THE MAESTRO FROM ANOTHER PLANET
IN PRAISE OF LAWRENCE WELK’S OTHERWORLDLY CHIFFON PARADISE
A 1981 episode of The Lawrence Welk Show called “Backstage with Our Musical Family” promised a behind-the-scenes peek at Welk’s impossibly wholesome cast as they readied for a performance. Despite the title, viewers didn’t see musicians rehearsing, sets being assembled, mistakes, retakes, and frustrated a capella singers—instead they saw more of the same polished songs and dances they saw every week. Welk knew his audience. He knew they wanted to escape even deeper into his chiffon world, a place where everything and everyone wears a veneer of unfettered ease, even in the off-hours. Any simulation of people actually working to create this effect would have been at odds with the Eden that Welk strived to create for his viewers: a place of organic effortlessness and beauty where troubles, backstage or otherwise, are nowhere to be seen.
In this way, The Lawrence Welk Show distinguished itself from competing TV variety hours such as The Ed Sullivan Show, which invited in, as a matter of regular programming, the conflicts of the outside world. You couldn’t watch the Doors or the Stones on Sullivan’s show—then or now—without being reminded of the countercultural turmoil that raged beyond the screen. And even variety-show staples like plate-spinners and knife-throwers brought with them the tense possibility of unintended spills. Welk’s hour-long world—with its smiling singers, brightly colored sets, color-coordinated male and female outfits, and flawless band performances—had none of this stress. His was a sealed-off, accident-free utopia sound-tracked by an endless supply of what the maestro called “champagne music.” Once a week, Welk presented viewers with one of the most otherworldly—and most underappreciated—psychedelic chiffon musical paradises ever seen on TV.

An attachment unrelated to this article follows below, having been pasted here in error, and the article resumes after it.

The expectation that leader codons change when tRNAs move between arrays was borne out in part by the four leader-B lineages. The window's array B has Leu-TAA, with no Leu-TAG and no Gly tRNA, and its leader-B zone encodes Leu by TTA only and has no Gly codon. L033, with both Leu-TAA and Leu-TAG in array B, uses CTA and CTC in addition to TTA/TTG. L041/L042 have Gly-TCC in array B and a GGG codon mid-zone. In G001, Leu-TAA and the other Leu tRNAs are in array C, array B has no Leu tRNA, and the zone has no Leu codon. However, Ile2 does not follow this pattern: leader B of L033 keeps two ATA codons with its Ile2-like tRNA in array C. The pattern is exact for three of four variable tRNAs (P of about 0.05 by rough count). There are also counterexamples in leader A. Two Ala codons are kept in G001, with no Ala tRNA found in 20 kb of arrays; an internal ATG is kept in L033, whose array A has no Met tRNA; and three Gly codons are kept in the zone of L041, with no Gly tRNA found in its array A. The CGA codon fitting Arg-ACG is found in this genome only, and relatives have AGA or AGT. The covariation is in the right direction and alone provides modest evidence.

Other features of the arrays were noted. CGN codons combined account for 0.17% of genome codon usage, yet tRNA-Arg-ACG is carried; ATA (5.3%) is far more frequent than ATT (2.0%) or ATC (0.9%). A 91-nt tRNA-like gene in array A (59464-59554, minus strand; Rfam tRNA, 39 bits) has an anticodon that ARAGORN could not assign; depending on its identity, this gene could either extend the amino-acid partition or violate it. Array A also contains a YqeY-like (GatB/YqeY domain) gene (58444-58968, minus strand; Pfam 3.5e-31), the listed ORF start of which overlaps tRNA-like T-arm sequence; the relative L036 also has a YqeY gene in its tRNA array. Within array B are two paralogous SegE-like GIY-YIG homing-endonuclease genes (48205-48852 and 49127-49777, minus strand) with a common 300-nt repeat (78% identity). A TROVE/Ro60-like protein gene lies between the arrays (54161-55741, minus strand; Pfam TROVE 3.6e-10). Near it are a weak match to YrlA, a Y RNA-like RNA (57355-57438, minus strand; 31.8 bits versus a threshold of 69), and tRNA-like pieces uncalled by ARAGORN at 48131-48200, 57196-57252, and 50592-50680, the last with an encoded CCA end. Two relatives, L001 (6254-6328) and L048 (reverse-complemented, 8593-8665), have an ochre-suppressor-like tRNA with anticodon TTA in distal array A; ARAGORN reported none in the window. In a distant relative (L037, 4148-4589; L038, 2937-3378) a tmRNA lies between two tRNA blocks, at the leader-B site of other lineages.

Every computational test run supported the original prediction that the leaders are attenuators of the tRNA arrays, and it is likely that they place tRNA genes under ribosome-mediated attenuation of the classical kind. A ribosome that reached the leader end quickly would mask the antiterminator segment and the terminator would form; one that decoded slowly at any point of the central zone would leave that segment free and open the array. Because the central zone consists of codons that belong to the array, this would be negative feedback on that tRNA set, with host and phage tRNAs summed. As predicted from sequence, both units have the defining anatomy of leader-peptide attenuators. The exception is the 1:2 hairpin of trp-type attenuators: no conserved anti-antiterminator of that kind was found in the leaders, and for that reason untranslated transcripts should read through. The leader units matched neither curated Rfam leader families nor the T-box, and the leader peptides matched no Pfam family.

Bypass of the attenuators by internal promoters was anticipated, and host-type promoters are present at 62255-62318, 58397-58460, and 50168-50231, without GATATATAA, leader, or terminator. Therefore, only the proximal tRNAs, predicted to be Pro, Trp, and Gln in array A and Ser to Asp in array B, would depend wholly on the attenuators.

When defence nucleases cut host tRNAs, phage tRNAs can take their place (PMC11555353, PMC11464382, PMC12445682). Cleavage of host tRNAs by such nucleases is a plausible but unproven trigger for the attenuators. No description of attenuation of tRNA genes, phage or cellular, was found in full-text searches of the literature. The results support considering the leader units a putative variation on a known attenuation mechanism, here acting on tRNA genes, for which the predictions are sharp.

Until 1965, The Lawrence Welk Show was filmed in black and white. While willfully eccentric in their own way, these earlier shows suffer from a desire to make the performers’ outfits and the sets, which often changed dramatically from song to song, appear, at least by Welk standards, realistic. In one episode, Norma Zimmer wears an elaborate gypsy costume as she sings in front of a beaten-up covered wagon. In another episode, Pat Boone croons “Moody River” before a set full of trees, rolling mists, and dense vegetation. But all of this made for a kind of tired, familiar blandness, the type of sets viewers had seen on many other shows. After the shift to color, Welk abandoned the period-precision costumes, props, and sets, making way for something completely and unnaturally vibrant. Nothing on Welk’s stage was ever worn or moody—or remotely realistic—again.
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